The vast majority of pre-owned Discovery Sports are diesel, giving you a wide choice of trims, colours and specs. Petrol buyers should brace themselves to pay through the nose for one, with prices from £27,000.
For the newest shape, with its nicer interior, improved infotainment and mild-hybrid engines, you'll struggle to find one under £30,000. That's even if you pick up a 2019 ex-demonstrator with a few thousand miles on it.
Is the Land Rover Discovery Sport right for you?
Buying a Land Rover means you're the sort of person who might actually need some off-road capability. It's one of the few premium SUVs that's been engineered to genuinely excel once you leave paved surfaces.
It has excellent ground clearance, and some clever electronic aids to help tackle the rough stuff, and would be our first choice if you're the adventurous type with a hiking rucksack and a muddy pair of boots at home.
Luckily, this doesn't hamper its on-road performance, where it's a fairly quiet, relaxed motorway cruiser. The firm ride on larger wheels and some pronounced body lean do mean there are several sportier alternatives.
Even though they are strictly for kids, having a third row of occasional seating gives the Discovery Sport an extra level of versatility normally found on MPVs, and only the Mercedes-Benz GLB offers similar passenger room.
It's best to choose one of these only if you're able to make use of its rugged and practical qualities, since you do pay a penalty in fuel economy for the extra weight of its seven seats and four-wheel drive paraphernalia.
What’s the best Land Rover Discovery Sport model/engine to choose?
There is a significant gap in price between what you'll pay for a front-wheel drive, manual Discovery Sport and the rest of the range, so think very carefully about what your individual needs before taking the plunge.
Still, without four-wheel drive, or seven-seat versatility, this version strips away the qualities that make this car stand out from its premium SUV rivals, and for that reason (plus the fact it's quite slow) it wouldn't be our pick.
Instead, most buyers should stretch up to the D180 diesel. It's not setting any speed records either, but will require a lot less effort to get going, and is more relaxing to drive thanks to its standard automatic gearbox. While it's not as refined at the petrols in town, the everyday running costs are considerably more palatable, and unless you're a company car driver who has space to charge it at home, the PHEV will be far too pricey.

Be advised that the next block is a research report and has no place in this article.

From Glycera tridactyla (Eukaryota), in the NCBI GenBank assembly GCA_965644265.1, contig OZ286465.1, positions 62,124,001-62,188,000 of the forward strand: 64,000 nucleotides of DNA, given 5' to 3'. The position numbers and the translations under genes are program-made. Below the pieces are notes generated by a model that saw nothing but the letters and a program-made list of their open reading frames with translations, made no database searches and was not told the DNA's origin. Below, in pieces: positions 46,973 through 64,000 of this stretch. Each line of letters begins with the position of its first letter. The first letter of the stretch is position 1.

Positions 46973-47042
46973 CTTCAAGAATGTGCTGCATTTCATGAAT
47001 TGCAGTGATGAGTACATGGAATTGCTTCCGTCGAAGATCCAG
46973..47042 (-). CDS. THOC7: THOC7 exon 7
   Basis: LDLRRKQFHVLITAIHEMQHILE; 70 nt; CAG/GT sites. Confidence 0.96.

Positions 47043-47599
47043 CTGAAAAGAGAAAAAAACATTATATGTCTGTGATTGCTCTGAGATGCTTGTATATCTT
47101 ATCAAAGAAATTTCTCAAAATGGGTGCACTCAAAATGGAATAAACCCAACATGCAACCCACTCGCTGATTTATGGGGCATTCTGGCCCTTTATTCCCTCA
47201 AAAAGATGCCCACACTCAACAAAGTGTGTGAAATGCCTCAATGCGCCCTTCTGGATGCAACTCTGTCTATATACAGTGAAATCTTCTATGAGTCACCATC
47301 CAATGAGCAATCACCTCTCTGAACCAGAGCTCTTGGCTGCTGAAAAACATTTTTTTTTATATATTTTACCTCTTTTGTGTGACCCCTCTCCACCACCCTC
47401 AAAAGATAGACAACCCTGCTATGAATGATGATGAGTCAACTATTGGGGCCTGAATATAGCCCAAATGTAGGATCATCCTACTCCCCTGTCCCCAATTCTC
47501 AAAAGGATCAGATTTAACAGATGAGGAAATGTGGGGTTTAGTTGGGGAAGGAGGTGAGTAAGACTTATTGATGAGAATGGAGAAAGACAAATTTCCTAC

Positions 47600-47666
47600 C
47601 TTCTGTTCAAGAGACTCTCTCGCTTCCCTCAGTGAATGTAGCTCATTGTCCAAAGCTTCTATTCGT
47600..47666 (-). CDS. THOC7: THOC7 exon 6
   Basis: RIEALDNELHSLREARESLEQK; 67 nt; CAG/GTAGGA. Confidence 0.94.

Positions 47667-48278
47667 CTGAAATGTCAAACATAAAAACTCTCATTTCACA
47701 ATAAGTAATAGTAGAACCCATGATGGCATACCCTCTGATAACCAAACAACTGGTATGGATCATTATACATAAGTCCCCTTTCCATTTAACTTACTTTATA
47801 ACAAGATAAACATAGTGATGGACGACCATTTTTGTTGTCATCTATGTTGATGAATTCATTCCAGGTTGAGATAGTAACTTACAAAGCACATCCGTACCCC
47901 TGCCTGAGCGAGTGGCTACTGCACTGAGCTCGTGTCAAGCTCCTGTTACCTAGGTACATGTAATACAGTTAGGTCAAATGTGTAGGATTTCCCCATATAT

As for the specification, it's worth upgrading to at least the S trim. The leather upholstery and touchscreen navigation help the cabin feel really plush, and that still leaves you with a bit of cash leftover for a few choice options on top.
What other cars are similar to the Land Rover Discovery Sport?
For a similar price, a few big five-seater SUVs nail the on-road handling and interior luxury part of the brief with a level of finesse that this Land Rover can't quite match; leading that pack are the BMW X3 and Audi Q5.
If you're not too fussed by badge snobbery, the Skoda Kodiaq and Hyundai Santa Fe are worth a try. Both offer more space in the third row, are larger inside when fully loaded, coming with all the toys for less cash.
As for less obvious premium rivals, the Volvo XC60 and Lexus NX both bring something unique to the table. The former is one of the safest cars in this class, the latter a petrol-electric hybrid that's surprisingly frugal.
However, the Mercedes-Benz GLB is the only upmarket competitor to offer seating for seven. It feels more compact and car-like to drive on busy thoroughfares than the wide Discovery Sport. The design has some clever features, but it's unlikely to be able to tackle the kind of rough terrain the Land Rover can breeze over.
Quality and finish
Where the original Discovery Sport felt sturdy in a rustic, forestry commission first responder sort of way, the 2019 model looks genuinely premium, surrounding its occupants with nicely chosen, plush materials. The top of the dash board is covered with really squidgy plastic, there is plenty of stitched leather (but a non-animal based suede-like alternative is available for no extra cost) and cool metal strategically placed inside.
Details like the glossy black climate control panel and engraved Land Rover emblem below the gear selector add a real touch of class, and help make up for some flimsier feeling material hidden lower down the cabin.
Everything on the centre console operates with smooth precision, although the large touch sensitive pads up on the steering wheel are a bit plasticky to touch, sometimes failing to register your inputs, which is irritating.